“[W]hen Congress has made its intent known through explicit statutory language,” express preemption is easy to identify.[25] Implied preemption is not so simple and may exist as either field preemption or conflict preemption.[26] Field preemption is inferred where a scheme of federal regulation is “‘so pervasive as to make reasonable the inference that Congress left no room for the States to supplement it.’”[27] Conflict preemption occurs “‘where a party’s compliance with both federal and state law would be impossible or where state law would pose an obstacle to the accomplishment of congressional objectives.’”[28]

The district court and Eighth Circuit agreed that express preemption did not bar any of the class plaintiffs’ claims.[29] However, the courts disagreed as to whether the OFPA was sufficiently pervasive to infer that Congress intended to preempt the entire field.[30] The Eighth Circuit found no field preemption, in light of “the OFPA’s text and purpose, the narrowness of its express preemption provision, the presumption against preemption and the tradition of state regulation.”[31]

Finding no express or field preemption, the Eighth Circuit reviewed the district court determination that conflict preemption also barred the class plaintiffs’ claims.[32] Here, the court analyzed the congressional objective that the OFPA would “replace the patchwork of existing state regulations with a national standard defining organic food.”[33] All claims against QAI essentially challenged the certification process and were preempted because they would “stand in conflict with the OFPA.”[34] The claims attacking Aurora’s certification were similarly preempted,[35] but the “state law challenges to the facts underlying certification” were not.[36] This distinction is important, because it allows claims based on other conduct, such as misrepresentations in marketing, to remain.[37]

III. Comment

In re Aurora Dairy Corp. may come off as a non-controversial discussion of the correct application of federal preemption standards.[38] However, the Eight Circuit decision should be viewed as a significant win for the plaintiffs in this case and for consumers in general. If the Eighth Circuit had affirmed the district court decision, everyday consumers would have minimal, if any, recourse in court when producers employ deceptive advertising of “organic” produce.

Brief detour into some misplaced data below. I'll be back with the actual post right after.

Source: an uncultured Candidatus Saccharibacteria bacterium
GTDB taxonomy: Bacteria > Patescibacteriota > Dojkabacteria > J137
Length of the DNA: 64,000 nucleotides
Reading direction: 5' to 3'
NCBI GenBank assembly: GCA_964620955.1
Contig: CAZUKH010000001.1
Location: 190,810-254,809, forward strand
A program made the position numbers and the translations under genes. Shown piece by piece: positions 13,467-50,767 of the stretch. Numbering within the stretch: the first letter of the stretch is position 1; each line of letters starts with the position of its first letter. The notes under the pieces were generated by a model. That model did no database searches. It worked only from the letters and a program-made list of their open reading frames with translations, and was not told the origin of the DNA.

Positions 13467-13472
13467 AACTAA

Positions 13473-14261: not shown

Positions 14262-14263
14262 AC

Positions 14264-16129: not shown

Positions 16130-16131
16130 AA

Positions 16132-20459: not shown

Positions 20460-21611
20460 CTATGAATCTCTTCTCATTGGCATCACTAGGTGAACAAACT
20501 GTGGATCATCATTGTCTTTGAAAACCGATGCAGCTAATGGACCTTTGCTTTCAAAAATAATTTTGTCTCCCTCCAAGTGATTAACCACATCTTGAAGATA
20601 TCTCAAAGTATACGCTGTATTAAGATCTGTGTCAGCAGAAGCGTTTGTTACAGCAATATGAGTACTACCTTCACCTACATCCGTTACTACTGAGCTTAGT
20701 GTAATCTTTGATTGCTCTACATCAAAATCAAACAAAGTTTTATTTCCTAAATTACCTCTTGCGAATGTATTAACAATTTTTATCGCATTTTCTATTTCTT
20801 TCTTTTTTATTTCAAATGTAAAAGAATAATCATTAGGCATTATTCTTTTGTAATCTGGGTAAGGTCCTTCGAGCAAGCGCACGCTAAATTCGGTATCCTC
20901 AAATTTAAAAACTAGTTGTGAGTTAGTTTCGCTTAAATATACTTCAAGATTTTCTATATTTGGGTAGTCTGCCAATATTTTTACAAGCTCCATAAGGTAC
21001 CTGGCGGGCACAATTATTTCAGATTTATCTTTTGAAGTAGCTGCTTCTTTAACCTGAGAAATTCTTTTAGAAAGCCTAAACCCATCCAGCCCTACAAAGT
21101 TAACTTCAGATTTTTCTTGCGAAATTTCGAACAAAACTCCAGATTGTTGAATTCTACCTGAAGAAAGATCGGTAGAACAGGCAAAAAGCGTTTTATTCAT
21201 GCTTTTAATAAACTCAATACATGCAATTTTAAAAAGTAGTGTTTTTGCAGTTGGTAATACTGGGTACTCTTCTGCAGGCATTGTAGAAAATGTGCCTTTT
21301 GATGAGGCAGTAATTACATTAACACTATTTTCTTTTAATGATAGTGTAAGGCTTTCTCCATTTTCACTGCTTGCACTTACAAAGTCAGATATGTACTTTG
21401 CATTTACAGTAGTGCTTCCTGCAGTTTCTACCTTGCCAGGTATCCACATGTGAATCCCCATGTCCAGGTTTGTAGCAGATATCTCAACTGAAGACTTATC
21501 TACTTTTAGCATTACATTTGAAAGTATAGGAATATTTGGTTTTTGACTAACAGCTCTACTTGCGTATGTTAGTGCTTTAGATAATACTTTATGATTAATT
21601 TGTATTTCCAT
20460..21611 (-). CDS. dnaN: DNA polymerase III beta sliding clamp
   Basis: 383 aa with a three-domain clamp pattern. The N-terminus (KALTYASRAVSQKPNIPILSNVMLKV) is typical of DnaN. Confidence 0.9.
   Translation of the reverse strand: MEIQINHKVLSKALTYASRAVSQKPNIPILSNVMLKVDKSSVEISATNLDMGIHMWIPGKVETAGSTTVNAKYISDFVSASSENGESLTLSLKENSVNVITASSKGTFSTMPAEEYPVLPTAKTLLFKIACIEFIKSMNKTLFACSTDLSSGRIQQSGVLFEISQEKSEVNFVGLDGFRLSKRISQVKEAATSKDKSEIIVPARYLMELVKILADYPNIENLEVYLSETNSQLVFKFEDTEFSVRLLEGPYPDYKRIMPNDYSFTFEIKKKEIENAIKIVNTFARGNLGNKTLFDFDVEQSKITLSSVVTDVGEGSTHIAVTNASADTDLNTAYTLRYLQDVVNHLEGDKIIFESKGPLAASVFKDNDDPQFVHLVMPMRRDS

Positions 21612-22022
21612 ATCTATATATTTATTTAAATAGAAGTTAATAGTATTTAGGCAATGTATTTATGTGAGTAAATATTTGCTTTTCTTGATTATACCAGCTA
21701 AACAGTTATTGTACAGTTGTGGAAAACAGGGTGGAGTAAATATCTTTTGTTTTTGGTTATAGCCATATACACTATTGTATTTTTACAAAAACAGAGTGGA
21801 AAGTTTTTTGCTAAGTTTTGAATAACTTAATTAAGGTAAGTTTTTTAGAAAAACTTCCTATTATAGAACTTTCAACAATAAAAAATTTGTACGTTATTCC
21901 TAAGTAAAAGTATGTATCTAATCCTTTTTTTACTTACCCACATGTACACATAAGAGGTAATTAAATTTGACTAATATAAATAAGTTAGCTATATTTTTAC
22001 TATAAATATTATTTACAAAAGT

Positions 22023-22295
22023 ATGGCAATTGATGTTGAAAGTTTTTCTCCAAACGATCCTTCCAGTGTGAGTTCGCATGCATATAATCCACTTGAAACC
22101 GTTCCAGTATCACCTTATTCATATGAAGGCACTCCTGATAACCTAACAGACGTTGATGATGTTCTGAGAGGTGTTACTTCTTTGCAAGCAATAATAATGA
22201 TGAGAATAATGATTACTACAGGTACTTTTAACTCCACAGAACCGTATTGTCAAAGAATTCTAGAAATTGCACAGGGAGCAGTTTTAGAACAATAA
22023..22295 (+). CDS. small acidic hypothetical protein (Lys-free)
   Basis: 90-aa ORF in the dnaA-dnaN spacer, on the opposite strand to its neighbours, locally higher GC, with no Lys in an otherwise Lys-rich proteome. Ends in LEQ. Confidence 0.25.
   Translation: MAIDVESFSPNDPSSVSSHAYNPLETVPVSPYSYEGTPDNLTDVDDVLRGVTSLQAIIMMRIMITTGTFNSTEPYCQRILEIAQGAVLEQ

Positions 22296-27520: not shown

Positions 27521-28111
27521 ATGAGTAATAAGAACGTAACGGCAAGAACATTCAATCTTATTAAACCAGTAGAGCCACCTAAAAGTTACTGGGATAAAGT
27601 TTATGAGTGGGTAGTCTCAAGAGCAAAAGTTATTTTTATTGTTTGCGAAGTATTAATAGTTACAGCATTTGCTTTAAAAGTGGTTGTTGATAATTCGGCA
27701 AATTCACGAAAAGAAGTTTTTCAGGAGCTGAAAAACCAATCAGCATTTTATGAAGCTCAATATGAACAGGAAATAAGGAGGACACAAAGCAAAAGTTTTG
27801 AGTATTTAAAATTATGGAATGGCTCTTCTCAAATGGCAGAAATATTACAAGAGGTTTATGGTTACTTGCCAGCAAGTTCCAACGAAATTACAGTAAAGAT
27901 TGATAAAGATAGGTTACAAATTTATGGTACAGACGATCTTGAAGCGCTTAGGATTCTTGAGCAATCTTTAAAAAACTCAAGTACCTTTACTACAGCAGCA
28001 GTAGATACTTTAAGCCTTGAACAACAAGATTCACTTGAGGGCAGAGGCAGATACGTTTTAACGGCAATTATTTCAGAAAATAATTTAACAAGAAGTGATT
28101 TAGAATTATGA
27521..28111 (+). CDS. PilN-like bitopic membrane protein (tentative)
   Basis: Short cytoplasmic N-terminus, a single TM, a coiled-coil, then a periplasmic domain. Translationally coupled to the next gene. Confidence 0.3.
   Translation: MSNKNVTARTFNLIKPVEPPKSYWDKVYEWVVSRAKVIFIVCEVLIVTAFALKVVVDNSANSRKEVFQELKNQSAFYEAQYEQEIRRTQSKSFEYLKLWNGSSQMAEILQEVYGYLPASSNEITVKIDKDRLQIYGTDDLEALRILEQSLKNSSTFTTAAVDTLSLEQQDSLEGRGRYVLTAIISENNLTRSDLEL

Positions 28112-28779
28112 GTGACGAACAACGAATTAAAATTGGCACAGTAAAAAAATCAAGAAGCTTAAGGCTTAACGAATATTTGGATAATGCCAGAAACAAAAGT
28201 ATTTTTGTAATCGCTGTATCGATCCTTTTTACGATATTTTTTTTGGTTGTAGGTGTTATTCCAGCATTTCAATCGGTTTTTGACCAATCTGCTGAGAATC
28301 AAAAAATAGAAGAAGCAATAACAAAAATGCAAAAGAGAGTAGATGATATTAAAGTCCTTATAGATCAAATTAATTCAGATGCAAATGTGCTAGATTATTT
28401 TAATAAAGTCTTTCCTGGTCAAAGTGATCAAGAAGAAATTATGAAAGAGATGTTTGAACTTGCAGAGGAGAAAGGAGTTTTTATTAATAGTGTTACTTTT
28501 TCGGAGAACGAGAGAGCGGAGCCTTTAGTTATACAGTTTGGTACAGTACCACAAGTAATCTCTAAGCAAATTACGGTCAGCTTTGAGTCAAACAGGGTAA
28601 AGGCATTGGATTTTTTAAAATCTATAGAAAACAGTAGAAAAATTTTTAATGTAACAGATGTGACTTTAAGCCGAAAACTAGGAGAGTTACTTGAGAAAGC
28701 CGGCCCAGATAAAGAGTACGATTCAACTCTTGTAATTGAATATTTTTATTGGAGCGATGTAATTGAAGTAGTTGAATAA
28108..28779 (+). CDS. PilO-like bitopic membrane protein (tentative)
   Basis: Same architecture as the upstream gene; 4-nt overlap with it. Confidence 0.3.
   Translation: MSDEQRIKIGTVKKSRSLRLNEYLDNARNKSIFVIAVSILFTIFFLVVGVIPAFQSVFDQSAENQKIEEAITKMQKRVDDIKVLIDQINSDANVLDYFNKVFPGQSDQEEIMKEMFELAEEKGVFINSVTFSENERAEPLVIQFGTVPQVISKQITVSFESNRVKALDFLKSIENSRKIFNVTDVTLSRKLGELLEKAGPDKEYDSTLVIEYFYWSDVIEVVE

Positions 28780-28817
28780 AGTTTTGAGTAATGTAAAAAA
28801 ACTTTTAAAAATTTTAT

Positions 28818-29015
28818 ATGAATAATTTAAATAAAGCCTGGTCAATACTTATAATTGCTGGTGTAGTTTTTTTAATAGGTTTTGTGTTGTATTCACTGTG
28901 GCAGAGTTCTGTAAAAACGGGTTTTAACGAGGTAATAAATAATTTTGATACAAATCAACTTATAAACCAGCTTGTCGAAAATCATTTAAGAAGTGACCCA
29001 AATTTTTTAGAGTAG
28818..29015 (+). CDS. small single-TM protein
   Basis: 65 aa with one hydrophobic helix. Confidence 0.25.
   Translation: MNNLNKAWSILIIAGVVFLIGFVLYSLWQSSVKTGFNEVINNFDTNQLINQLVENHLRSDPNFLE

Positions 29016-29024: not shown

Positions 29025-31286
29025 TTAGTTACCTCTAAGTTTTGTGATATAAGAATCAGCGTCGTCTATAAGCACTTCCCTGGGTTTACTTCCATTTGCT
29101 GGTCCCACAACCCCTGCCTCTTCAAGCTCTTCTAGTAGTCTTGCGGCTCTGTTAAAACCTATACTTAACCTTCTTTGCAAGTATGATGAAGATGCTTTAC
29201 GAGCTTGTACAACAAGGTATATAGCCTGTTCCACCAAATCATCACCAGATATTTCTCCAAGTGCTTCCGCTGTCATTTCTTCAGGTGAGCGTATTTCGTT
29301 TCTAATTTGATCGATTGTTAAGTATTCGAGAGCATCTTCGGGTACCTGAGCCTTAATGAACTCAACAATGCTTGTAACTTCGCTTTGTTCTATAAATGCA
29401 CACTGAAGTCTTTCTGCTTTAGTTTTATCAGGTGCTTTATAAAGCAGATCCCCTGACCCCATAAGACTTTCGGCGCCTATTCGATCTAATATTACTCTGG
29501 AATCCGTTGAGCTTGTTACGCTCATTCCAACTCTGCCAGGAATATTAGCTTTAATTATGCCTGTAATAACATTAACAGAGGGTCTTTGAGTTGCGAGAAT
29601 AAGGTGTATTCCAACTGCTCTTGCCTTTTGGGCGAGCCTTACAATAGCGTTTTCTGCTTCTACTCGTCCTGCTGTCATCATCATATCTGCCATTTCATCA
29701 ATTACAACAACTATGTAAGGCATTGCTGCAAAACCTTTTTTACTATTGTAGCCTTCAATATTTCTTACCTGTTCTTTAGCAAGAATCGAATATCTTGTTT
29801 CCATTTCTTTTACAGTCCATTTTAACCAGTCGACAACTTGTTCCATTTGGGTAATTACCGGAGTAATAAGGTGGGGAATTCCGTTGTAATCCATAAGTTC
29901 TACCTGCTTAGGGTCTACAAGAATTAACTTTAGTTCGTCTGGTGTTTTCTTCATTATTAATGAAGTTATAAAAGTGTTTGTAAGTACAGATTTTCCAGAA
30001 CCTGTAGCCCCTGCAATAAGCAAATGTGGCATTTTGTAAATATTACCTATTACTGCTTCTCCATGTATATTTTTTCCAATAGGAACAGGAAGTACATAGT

This case is significant because, in the United States, the organic food and beverage industry has grown from $1 billion in 1990 to $24.8 billion in 2009.[39] Without an appropriate consumer-based check on the industry, the push to achieve market share might induce some companies to push the boundaries with their practices. However, the Eighth Circuit decision in In re Aurora Dairy Corp. made winners out of losers and left state consumer protection laws intact with respect to marketing of organically produced agricultural products.[40]

-Chris Dandurand

[1] 2010 U.S. App. LEXIS 19254 (8th Cir. Sept. 15, 2010).
[2] Id. at *13.
[3] Id.
[4] Id. The regulations are known as the National Organic Program (NOP). Id. (citing 7 C.F.R. pt. 205).
[5] 2010 U.S. App. LEXIS 19254 at *13.
[6] Id. at *13-14.
[7] Id. at *14. The National Organic Program (NOP) is a set of regulations promulgated by the USDA. This program defines which agricultural products qualify as organic. Id. at
[8] Id.
[9] Id.
[10] Id. Congress enacted the OFPA in order “‘(1) to establish national standards governing the marketing of certain agricultural products as organically produced products; (2) to assure consumers that organically produced products meet a consistent standard; and (3) to facilitate interstate commerce in fresh and processed food that is organically produced.’” Id. (quoting 7 U.S.C. § 6501).
[11] 2010 U.S. App. LEXIS 19254 at *35 (quoting Pet Quarters, Inc. v. Depository Trust & Cleaning Corp., 559 F.3d 772, 780 (8th Cir. 2009)).
[12] Id. at *36.
[13] Id.
[14] Id. at *38.
[15] Id. at *40.
[16] Id. at *40.
[17] Id. at *41-42.
[18] Id. at *45-46.
[19] Id. at *46-48.
[20] Id. at *47.
[21] Id. at *25 (quoting U.S. Const. art. VI, cl. 2).
[22] Id. (quoting Medtronic, Inc. v. Lohr, 518 U.S. 470, 485-86 (1996)).
[23] Id. at *26.
[24] Id. (quoting Altria Group, Inc. v. Good, 129 S. Ct. 538, 543 (2008)).
[25] English v. General Elec. Co., 496 U.S. 72, 79 (1990).
[26] Id.
[27] 2010 U.S. App. LEXIS 19254 at*29 (quoting Gade v. Nat'l Solid Wastes Mgmt. Ass'n, 505 U.S. 88, 98 (1992)).
[28] Id. at *32 (quoting Pet Quarters, Inc. v. Depository Trust & Cleaning Corp., 559 F.3d 772, 780 (8th Cir. 2009).
[29] Id. at *28. The OFPA did expressly preempt state certification laws, but this was not at issue in the case. Id. at *27-28.
[30] Id. at *29-30, *32.
[31] Id. at *32.
[32] Id.
[33] Id. at *33.
[34] Id. at *38.
[35] Id.
[36] Id. at *42. Preemption of the state consumer protection claims does not serve the purposes of OFPA and might actually “diminish consumer confidence that organic products meet consistent standards as consumers become aware” that meritorious state law claims are preempted simply because a certifying agent has not suspended certification. Id. at *46.
[37] Id. at *48.
[38] 2010 U.S. App. LEXIS 19254 (8th Cir. Sept. 15, 2010).
[39] See Industry Statistics and Projected Growth, Organic Trade Association, available at (last visited October 28, 2010).
[40] 2010 U.S. App. LEXIS 19254 (8th Cir. Sept. 15, 2010).